This is required because even if you don't use url_for, Flask requires function names used in endpoints all be unique.

We will keep the original function name with a built-in module called functools, specifically the function wraps:

import functools

def login_required(func):
    @functools.wraps(func)
    def secure_function():
        if "email" not in session:
            return redirect(url_for("login"))
        return func()

    return secure_function

The wraps function modifies secure_function and essentially renames it, giving it the name of func.

Allowing parameters

Now that we're keeping the original function name, we should also keep the original function parameters.

Some of our endpoints may have parameters (they don't at the moment, but they might in the future). It's therefore good practice in decorated functions to allow for parameters.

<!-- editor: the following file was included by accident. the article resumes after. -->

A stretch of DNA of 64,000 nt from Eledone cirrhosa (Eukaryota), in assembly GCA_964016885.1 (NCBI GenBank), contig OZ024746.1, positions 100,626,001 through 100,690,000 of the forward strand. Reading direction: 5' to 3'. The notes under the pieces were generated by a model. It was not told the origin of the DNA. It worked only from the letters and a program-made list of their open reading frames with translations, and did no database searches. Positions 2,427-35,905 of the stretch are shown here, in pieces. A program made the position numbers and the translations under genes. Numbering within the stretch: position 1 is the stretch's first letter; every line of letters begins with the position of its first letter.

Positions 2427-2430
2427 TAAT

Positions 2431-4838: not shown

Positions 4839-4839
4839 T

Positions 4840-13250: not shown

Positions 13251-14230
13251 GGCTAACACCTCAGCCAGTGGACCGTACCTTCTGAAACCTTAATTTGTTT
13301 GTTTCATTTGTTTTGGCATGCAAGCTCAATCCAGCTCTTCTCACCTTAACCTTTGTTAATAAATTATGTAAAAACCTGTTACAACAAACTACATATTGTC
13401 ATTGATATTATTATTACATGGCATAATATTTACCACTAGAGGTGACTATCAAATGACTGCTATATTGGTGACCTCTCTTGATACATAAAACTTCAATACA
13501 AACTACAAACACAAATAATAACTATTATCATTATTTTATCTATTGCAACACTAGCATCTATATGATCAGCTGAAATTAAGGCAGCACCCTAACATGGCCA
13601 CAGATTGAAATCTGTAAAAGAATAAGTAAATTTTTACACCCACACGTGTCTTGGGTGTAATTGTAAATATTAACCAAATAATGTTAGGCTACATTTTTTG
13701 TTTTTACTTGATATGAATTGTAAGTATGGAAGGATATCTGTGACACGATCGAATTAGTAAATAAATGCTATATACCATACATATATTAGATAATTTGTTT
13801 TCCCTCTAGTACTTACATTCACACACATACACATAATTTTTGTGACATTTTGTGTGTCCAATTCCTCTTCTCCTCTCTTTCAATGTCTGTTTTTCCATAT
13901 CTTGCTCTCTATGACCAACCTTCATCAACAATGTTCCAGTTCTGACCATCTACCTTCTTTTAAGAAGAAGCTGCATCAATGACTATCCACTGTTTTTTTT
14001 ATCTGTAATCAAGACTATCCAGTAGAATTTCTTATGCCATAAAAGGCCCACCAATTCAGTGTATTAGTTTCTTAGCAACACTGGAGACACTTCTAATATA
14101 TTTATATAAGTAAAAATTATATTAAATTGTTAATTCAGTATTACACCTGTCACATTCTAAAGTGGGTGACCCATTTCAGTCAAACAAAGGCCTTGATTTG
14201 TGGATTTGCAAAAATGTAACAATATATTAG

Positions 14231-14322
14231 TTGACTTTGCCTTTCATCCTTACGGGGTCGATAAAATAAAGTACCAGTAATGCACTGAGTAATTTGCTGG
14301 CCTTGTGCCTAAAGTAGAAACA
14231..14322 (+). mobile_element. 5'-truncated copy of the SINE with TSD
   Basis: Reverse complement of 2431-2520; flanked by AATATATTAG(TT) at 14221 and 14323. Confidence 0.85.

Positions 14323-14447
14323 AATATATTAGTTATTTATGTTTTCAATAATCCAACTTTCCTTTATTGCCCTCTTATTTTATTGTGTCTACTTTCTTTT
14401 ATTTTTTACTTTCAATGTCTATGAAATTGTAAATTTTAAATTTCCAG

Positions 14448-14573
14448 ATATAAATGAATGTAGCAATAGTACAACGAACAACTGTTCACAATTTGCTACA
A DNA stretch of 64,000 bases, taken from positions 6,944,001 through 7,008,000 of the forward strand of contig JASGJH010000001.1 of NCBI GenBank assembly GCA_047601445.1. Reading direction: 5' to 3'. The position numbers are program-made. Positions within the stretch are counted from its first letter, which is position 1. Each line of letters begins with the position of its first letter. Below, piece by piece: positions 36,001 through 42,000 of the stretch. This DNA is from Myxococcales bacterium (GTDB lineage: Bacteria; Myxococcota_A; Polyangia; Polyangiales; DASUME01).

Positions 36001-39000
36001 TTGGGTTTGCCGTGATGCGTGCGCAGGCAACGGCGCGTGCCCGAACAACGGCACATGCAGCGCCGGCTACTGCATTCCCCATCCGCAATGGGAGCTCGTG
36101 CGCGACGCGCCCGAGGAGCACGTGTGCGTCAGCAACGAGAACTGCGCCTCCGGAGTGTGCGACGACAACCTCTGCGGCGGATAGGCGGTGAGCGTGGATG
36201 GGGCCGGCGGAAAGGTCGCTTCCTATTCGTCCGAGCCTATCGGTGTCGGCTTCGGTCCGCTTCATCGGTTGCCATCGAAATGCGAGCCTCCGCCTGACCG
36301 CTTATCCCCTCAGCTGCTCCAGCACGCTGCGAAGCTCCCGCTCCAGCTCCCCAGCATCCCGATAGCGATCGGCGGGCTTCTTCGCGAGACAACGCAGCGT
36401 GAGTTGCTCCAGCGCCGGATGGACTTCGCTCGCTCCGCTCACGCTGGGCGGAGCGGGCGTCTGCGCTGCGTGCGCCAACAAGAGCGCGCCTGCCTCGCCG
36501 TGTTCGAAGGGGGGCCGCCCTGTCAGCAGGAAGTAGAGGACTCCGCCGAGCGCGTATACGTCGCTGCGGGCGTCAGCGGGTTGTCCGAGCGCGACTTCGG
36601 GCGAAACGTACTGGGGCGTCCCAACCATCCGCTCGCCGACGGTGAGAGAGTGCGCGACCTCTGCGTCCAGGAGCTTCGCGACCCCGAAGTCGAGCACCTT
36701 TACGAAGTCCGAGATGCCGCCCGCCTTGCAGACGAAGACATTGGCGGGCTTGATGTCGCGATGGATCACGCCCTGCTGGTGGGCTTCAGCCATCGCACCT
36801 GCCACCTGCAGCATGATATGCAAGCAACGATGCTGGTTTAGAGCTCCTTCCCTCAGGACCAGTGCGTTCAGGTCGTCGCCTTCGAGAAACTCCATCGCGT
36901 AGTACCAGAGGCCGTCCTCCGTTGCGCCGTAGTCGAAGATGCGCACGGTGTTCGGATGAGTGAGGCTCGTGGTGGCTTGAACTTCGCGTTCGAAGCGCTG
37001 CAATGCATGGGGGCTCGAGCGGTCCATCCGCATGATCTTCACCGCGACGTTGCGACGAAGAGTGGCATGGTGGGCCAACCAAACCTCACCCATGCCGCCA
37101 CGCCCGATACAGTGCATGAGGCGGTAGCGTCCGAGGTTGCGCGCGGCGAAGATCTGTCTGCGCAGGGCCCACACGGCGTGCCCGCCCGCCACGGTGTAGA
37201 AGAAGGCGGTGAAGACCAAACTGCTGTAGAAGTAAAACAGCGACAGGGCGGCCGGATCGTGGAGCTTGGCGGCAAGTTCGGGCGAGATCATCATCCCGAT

In order to allow our secure_function to have any number of parameters, we can make use of *args and **kwargs. If you're not familiar with these, here's a nice explanation of what they mean!

import functools

def login_required(func):
    @functools.wraps(func)
    def secure_function(*args, **kwargs):
        if "email" not in session:
            return redirect(url_for("login"))
        return func(*args, **kwargs)

    return secure_function

Here we've allowed for any number of positional arguments (*args), and any number of keyword arguments (**kwargs). This means that when our endpoint function is replaced by secure_function, it can still take the arguments it usually would.

Keeping track of the endpoint that was requested

When we decorate a function with this decorator, we may end up sending the user to the login page instead of to the endpoint they requested.

It's good practice for our application to remember where the user wanted to go, so that when they log in we can continue sending them there, instead of wherever the login endpoint sends them by default.

For example, if a user requests their "dashboard", we should send them there after their log in—and not to their profile!